Phase II trial with dose titration of paclitaxel for the therapy of human immunodeficiency virus-associated Kaposi's sarcoma

Lauri Welles, M. Wayne Seville, Jill Lietzau, James M. Pluda, Kathleen M. Wyvill, Irwin Feuerstein, William D. Figg, Richard Lush, Jeanne Odom, Wyndham H. Wilson, Monina T. Fajardo, Rachel W. Humphrey, Ellen Feigal, David Tuck, Seth M. Steinberg, Samuel Broder, Robert Yarchoan*

*Corresponding author for this work

Research output: Contribution to journalArticlepeer-review

152 Scopus citations


Purpose: To investigate the antitumor activity and safety of paclitaxel in patients with advanced human immunodeficiency virus (HIV)-associated Kaposi's sarcoma (KS). Patients and Methods: Twenty-nine patients with advanced HIV-associated KS were enrolled. The patients were overall quite immunosuppressed (median CD4 count, 15 cells/μL). Paclitaxel was initially administered at 135 mg/m2 over 3 hours every 3 weeks without filgrostim support; the dose was increased as tolerated to a maximum of 175 mg/m2. Patients who failed to respond or progressed could then receive filgrastim support or paclitaxel administered over 96 hours. Results: Of 28 assessable patients, 20 had major responses (18 partial responses [PRs], one clinical complete response [CR], and one CR), for a major response rote of 71.4% (95% confidence interval [CI], 51.3% to 86.8%). Each of the five patients with pulmonary KS responded, as did all four assessable patients who had previously received anthracycline therapy for KS. Of six patients who went on to receive a 96-hour infusion of paclitaxel, five had major responses. Neutropenia was the most frequent dose-limiting toxicity; possible novel toxicities included late fevers, late rash, and eosinophilia. Two patients developed an elevated creatinine concentration and one cardiomyopathy. Conclusion: Paclitaxel has substantial activity against advanced HIV- associated KS as a single agent, even in patients with pulmonary involvement or who had previously received anthracyclines. Further research is needed to define the optimal treatment schedule and its role vis-a-vis the other available therapies far this disease.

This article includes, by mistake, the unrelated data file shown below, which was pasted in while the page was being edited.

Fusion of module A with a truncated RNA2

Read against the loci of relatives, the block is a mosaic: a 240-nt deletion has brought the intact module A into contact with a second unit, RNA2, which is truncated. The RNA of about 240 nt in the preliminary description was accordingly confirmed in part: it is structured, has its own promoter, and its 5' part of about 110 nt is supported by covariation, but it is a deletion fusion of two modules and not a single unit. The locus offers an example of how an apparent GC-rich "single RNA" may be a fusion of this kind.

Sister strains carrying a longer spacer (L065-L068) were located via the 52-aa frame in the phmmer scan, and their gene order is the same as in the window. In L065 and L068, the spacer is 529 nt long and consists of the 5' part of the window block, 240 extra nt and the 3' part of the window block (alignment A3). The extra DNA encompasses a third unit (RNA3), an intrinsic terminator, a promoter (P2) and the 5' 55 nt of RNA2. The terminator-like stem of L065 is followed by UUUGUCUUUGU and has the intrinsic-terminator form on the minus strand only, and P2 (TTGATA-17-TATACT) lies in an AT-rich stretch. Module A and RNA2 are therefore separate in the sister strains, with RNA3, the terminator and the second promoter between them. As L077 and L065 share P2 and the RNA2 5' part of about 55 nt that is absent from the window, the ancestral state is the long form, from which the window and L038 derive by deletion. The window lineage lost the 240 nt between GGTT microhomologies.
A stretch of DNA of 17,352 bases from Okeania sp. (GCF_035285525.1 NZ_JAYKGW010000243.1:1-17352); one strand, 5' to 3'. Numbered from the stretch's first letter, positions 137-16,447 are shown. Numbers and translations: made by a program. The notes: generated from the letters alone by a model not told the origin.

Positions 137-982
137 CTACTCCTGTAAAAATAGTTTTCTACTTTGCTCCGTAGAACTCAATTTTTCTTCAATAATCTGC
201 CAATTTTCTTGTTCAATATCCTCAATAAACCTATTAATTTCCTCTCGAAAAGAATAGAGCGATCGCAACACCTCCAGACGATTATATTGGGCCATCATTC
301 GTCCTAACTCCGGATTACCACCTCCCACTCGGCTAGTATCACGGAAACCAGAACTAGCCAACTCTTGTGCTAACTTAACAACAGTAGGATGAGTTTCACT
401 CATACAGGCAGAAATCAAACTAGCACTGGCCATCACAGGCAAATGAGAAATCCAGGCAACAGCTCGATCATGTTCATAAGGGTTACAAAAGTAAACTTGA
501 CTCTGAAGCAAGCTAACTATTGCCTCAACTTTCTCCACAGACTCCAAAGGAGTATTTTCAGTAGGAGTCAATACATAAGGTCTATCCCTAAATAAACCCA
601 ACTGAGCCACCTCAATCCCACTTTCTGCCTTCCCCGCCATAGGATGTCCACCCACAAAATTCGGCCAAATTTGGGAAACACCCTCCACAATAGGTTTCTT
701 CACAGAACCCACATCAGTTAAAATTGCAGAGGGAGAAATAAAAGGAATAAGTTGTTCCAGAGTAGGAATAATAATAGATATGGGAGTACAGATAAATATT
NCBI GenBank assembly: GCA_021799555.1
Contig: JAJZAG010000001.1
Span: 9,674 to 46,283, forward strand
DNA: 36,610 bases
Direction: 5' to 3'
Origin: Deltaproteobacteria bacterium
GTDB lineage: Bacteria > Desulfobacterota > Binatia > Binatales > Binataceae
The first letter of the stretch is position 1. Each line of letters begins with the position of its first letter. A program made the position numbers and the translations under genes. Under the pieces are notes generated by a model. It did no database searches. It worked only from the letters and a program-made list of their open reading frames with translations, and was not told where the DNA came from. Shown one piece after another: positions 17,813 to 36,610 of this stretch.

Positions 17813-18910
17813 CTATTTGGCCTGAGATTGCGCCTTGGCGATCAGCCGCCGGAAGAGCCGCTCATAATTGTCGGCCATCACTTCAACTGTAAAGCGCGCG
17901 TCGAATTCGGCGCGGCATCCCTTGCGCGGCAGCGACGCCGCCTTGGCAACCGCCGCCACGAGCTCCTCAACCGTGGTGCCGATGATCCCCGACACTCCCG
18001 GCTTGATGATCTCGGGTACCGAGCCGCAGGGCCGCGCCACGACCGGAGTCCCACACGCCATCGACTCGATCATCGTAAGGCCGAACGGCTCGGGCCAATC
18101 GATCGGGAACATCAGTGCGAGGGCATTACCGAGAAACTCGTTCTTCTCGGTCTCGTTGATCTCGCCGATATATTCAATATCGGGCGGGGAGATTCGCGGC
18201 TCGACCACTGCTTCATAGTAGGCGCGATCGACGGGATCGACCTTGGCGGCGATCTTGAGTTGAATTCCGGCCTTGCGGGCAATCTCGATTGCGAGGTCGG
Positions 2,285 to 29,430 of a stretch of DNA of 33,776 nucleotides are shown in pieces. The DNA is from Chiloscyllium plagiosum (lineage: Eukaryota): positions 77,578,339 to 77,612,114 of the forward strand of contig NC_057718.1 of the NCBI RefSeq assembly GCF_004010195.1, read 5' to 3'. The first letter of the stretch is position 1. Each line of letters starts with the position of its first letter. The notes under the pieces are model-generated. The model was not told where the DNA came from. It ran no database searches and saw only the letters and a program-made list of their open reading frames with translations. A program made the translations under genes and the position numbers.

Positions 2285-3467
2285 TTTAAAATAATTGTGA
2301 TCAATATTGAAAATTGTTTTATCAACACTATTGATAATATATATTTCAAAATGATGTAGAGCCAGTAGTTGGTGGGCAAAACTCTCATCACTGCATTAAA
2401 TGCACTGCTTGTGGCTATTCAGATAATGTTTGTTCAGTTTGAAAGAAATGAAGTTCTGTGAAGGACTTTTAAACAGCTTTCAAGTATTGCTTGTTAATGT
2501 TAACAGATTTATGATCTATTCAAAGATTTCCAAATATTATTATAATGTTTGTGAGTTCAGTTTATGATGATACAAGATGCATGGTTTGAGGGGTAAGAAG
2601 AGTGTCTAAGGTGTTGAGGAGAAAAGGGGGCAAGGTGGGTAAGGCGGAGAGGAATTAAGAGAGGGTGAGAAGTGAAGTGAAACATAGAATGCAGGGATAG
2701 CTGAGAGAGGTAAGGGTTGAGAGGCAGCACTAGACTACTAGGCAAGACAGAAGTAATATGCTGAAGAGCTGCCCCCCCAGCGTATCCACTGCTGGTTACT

Original languageEnglish
Pages (from-to)1112-1121
Number of pages10
JournalJournal of Clinical Oncology
Issue number3
StatePublished - Mar 1998


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